“The ethical questions are enormous. Gene editing is generating a ton of optimism for treating and curing diseases, including some that our foundation works on (though we fund work on altering crops and insects, not humans). But the technology could make inequity worse, especially if it is available only for wealthy people. I am surprised that these issues haven’t generated more attention from the general public. Today, artificial intelligence is the subject of vigorous debate. Gene editing deserves at least as much of the spotlight as AI.”
Bill Gates, in his December Year-in-Review 2018 blog post on a variety of technology issues he follows on a regular basis.
"AI is currently very, very stupid. It is really good at doing certain things which our brains can't handle, but it's not something we could press to do general-purpose reasoning involving things like analogies or creative thinking or jumping outside the box."
Andrew Moore, Google vice president – in comments on whether or not AI will replace humans anytime soon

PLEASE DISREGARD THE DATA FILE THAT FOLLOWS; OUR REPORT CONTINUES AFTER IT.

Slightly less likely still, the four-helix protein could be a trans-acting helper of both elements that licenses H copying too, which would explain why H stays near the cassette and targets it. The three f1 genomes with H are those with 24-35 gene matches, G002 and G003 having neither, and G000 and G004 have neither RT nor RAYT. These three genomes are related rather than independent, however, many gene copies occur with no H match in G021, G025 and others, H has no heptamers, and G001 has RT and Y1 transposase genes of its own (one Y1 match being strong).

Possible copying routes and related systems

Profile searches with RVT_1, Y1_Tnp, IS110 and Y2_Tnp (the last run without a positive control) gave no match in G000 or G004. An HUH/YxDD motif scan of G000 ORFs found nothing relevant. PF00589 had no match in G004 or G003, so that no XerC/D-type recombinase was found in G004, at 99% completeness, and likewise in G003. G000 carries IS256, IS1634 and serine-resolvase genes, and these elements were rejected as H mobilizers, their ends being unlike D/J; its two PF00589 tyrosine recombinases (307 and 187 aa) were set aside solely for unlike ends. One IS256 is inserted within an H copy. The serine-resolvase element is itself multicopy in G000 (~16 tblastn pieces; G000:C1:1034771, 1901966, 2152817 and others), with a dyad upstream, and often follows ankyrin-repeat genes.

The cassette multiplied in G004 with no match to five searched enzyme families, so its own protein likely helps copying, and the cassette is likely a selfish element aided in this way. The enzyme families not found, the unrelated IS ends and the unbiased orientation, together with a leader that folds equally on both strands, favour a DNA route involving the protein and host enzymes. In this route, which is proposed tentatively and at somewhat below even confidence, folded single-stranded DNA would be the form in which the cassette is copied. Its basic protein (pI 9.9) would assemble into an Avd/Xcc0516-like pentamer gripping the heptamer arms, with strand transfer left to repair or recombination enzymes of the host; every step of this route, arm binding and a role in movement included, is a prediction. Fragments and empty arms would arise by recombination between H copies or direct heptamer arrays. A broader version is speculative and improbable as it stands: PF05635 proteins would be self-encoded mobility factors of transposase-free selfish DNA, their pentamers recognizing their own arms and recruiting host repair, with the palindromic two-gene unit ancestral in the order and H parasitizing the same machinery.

“The ethics of the experimenter can charitably be described as substandard: the experiment was wildly premature, focused on a medical condition which already has both treatment and prevention methods; was done in secret, and without either peer review or adequate consent; and was done without any credible plan to protect the resulting children (and their children, and their children’s children) from harm.”
George Annas, MD, Director of the Center for Health Law, Ethics & Human Rights at the Boston University School of Public Health on the announcement of secret research by a Chinese scientist using CRISPR technology to splice the genes of twins.
“Our societal silence over the last several years has been deafening. As we enter the holiday season and a time of reflection, it seems to me that now is the time for a cacophony of compassion to rise up and overwhelm the people of our nation with the spirit of our founding mothers and fathers.”
Kevin Fickenscher, MD – in a moment of reflection on his own forefathers and foremothers who came by many routes “yearning to breathe free…”